So far in this series? Six. Total. Including none in Game 3.

That's not just the most complete player in the game becoming one-dimensional. It's him becoming nondimensional because he hasn't been hitting jumpers either. That's more than just a good game plan against him.

Now, if this were last season's Finals and he was playing this way, I'd call it a major problem. But given his bounce-back performance in last season's Celtics series and the otherworldly play that's followed, you have to believe his confidence has built up enough to shake him out of this malaise.

I'm expecting him to at least force the issue from here on out. Even if it's ugly, he'll draw fouls and make it his kind of game. Because he can't be the best in the world for 98 games then regress when it matters most.


You mentioned LeBron's 16 free throws in Game 7 against the Pacers, and it reminded me how frustrated I was that he didn't make double-digit trips to the line every game of that series. Instead, he was too willing to cede the paint to Roy Hibbert. LeBron should have been driving at Hibbert repeatedly and effectively telling the officials:

"I'm LeBron James! Are you going to call six offensive fouls on me or blow the whistle on this guy nobody was talking about two months ago?"

Maybe the fact he didn't was a warning sign.

Or maybe James is just susceptible to certain players and systems. If James doesn't get this ring, we could end up having to explain that the reason he didn't win more championships is he lost to Kevin Garnett's Celtics two out of three times, ran into a hot Dirk Nowitzki and had two meetings with Tim Duncan and Popovich in the Finals.

You know, the same way Kobe and Shaq denied Chris Webber's Sacramento Kings or the way a certain player you don't feel like discussing denied an entire wing of the Hall of Fame in the 1990s.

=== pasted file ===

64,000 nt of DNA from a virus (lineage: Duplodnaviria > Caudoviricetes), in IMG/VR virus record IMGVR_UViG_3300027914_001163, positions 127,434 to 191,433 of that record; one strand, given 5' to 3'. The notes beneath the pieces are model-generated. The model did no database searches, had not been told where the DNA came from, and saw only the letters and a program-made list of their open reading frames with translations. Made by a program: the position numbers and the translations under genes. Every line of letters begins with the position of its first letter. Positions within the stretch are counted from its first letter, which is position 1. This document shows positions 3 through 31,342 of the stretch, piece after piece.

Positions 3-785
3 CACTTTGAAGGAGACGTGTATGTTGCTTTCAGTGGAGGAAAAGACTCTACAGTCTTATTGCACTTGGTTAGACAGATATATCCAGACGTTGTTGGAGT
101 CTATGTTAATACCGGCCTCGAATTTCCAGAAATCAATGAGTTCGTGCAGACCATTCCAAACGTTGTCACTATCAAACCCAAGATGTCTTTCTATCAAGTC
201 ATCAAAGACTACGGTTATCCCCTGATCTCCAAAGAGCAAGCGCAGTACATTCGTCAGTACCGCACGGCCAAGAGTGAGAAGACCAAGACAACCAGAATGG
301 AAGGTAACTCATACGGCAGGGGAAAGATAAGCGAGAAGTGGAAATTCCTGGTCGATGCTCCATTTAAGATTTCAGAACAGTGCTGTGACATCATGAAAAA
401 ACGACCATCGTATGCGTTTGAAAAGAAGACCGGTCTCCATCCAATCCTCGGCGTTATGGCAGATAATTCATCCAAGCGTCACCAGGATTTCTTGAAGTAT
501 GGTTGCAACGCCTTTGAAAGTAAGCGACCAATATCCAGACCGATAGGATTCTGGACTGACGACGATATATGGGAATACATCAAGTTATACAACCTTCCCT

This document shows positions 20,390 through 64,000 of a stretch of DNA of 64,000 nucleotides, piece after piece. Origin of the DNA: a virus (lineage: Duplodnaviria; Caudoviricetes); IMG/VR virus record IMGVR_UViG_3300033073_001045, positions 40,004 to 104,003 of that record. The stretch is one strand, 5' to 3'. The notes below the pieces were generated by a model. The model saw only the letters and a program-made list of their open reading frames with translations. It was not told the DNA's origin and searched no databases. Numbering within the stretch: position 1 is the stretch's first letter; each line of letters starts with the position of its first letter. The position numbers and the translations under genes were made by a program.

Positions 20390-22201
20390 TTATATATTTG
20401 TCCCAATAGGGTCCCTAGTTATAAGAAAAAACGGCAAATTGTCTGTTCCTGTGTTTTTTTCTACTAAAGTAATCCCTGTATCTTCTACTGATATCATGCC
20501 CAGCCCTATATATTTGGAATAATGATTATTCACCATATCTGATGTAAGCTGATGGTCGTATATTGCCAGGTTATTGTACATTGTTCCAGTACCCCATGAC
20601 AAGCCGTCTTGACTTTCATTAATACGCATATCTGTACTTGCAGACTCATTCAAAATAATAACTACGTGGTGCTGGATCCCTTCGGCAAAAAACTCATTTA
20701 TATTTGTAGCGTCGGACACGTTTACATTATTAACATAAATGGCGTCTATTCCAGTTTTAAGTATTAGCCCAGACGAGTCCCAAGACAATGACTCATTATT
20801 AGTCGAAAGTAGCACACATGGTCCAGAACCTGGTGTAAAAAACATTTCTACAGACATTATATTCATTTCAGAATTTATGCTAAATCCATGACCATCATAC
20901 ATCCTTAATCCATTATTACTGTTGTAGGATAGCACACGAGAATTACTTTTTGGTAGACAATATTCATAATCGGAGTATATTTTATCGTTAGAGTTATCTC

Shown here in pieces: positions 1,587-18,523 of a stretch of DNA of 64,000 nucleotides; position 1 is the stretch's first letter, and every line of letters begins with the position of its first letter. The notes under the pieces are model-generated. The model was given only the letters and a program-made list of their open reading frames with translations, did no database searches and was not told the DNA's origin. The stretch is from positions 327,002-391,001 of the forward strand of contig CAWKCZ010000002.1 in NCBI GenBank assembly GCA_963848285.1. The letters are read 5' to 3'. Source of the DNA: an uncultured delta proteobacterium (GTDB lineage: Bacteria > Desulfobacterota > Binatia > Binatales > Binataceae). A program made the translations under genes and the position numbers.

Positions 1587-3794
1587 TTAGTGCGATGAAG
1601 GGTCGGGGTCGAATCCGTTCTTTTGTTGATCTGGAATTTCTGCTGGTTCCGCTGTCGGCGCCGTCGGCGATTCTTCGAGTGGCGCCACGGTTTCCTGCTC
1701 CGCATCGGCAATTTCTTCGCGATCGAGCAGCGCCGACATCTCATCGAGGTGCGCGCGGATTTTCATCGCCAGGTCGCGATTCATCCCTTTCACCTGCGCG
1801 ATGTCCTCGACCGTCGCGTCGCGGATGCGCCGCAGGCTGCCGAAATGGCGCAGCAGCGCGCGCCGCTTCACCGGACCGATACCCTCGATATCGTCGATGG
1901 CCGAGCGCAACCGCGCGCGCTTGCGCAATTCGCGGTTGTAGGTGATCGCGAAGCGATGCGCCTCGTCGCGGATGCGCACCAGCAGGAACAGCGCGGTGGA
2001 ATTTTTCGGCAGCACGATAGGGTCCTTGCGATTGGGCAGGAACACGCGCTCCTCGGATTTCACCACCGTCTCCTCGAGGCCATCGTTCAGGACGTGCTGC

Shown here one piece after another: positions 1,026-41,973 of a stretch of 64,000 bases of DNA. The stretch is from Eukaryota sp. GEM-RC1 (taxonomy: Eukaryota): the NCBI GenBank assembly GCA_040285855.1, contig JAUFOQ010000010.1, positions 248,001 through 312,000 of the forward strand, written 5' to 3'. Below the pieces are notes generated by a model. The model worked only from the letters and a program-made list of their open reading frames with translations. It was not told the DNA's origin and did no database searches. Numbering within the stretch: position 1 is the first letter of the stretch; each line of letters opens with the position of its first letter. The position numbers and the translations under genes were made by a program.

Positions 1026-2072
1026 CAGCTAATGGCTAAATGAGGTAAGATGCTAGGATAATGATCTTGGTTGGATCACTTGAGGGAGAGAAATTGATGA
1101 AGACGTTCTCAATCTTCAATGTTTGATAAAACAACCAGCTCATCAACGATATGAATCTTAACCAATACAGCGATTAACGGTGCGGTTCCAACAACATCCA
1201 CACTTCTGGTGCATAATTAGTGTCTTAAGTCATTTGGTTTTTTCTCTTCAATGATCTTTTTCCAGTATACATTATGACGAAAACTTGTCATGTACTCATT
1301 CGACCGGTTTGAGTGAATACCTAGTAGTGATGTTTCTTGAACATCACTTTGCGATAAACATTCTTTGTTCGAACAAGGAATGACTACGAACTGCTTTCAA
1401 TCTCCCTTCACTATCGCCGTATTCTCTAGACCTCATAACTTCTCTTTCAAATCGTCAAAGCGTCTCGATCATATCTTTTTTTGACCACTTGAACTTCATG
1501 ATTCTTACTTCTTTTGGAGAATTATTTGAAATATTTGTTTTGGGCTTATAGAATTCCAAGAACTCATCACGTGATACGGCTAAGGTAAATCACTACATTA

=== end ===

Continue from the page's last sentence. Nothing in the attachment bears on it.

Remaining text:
But it feels like LeBron should be the denier. He should be breaking an entire NBA generation's hearts. Except that would be ruthless, and that's a trait he doesn't have.


Not sure about a lack of ruthlessness in him. Ruthlessness wouldn't have gotten him better teammates when he was in Cleveland. He certainly appeared pretty ruthless when he saved Miami from last season's potential East finals disaster.

I am sure, though, that LeBron is calculated.

During his stretch of unprecedented efficiency in the middle of this season, LeBron was playing a game within a game. The sport was so easy for him, it appeared, that he took, and mostly made, only great shots. It was a phenomenal display of skill, patience and complete trust in teammates.

Perhaps that's what is abandoning LeBron right now: not just the trust in a group of teammates that has been less reliable in the past two rounds but also the ability to find those great shots against this Spurs scheme -- and the skill to make those jump shots he made with such ease all season long.

That combination could have thrown him for a loop through three games. Is that a sign of mental weakness or simply a player adjusting on the fly?

I guess Game 4 will start to help us figure that out.


If he's simply yielding to their defense and not discovering other ways to win, it's a reflection of LeBron.

Maybe this is a remix of the 2008 NBA Finals, when the Boston Celtics simply would not allow Kobe Bryant, the regular-season MVP, to take over the series. When they met in the 2010 Finals, Bryant shot 40 percent again, yet this time prevailed. Even amid that miserable 6-for-24 shooting performance in Game 7, Bryant still managed to grab 15 rebounds and found a way to get to the free throw line 15 times.

Or will these Finals turn out to be like the 2004 Finals, when Bryant shot 38 percent for the series, the star-studded Lakers fell to the Pistons, and Chauncey Billups won the Finals MVP? Speaking of Billups, I was using LeBron's five trips to the conference finals in the past seven years as a defense of his greatness until I remembered Billups went to the conference finals in seven consecutive years from 2003 to 2009.

We're so eager to fast-forward LeBron into the comparisons with the all-time greats that we forget he still has much work to do to separate himself from his contemporaries first.

The expectations are grandiose. The immediate order of business is to outplay Green and Leonard. It's something he didn't do in Game 3, but it's not unreasonable to ask him to do so in Game 4 and beyond.